Arab tourists seek "halal tourism" instead of US, Europe
Arab investors will spend $303 million on building two "Arab Cities" to lure Arab tourists to the historic Malaysian town of Malacca, the Star daily said Wednesday.
The $1.1 billion ringgit project includes an Arabian bazaar, Middle Eastern restaurants, shopping complex, five-star hotel, water theme park, and a unisex Arabic health and beauty spa.
One of the "Arab Cities" will be built on a small island lying south of Malacca town, while the other will be located at a beachside resort just west of the historic port.
Malacca chief minister Mohamad Ali Rustam reportedly said the project, due for completion by 2012, will attract more Middle Eastern tourists and give locals a chance to experience Arabic culture.
Arab tourists spend on average 10 times more than other tourists, according to recent reports on Malaysian tourism that showed an increasing number of Muslim Middle Eastern tourists are seeking "halal tourism" in Malaysia, Indonesia and Brunei while avoiding the U.S. and Europe because of post Sept. 11, 2001 stereotyping and racial profiling.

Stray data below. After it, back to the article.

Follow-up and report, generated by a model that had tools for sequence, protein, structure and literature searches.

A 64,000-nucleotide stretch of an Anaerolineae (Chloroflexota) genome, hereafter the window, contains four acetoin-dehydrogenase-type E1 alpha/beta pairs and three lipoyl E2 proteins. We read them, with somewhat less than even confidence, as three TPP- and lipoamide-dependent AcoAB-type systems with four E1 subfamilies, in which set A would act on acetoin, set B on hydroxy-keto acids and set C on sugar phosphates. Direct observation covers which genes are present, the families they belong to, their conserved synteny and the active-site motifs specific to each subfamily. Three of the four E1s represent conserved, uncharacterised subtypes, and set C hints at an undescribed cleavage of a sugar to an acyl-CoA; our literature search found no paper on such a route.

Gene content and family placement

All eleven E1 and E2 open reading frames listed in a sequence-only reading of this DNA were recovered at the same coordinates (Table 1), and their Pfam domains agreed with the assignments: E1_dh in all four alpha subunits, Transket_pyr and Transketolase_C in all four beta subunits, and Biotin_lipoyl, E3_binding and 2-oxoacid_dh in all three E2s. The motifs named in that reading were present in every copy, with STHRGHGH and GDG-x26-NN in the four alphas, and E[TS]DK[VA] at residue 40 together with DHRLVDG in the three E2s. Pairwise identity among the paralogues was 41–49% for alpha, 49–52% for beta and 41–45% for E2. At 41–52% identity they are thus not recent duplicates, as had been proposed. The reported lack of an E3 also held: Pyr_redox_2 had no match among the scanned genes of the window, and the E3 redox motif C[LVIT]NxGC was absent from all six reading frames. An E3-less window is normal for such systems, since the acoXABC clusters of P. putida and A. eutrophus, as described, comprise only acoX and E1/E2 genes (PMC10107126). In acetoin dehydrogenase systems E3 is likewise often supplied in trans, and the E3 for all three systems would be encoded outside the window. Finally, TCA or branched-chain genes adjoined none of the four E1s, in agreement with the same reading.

The country’s tourism industry has seen a sharp rise in the number of big-spending tourists from the Middle East in recent years, attracted by the tropical country’s Islamic image.
Muslim friendly services
Arab Muslim travelers prefer Muslim destinations where Muslim-friendly food ,halal, and hotel facilities with a copy of the Holy Qur’an and Makkah-prayer direction in each room are easily available.
Some 264,338 visitors from the region made their way to Malaysia last year, almost double the figure recorded in 2005.
The capital Kuala Lumpur has already seen the introduction of an "Arab
Street" to make tourists from the Middle East feel at home, while hotel and restaurants serve West Asian food and bring Arab cooks to work in the country.
Tourism was Malaysia’s second highest foreign exchange earner in 2007, raking in $14 billion in revenue from 21 million tourists arrivals.
The government however said it expected tourist numbers to fall 9 percent to 20 million this year as the global economic slowdown hits.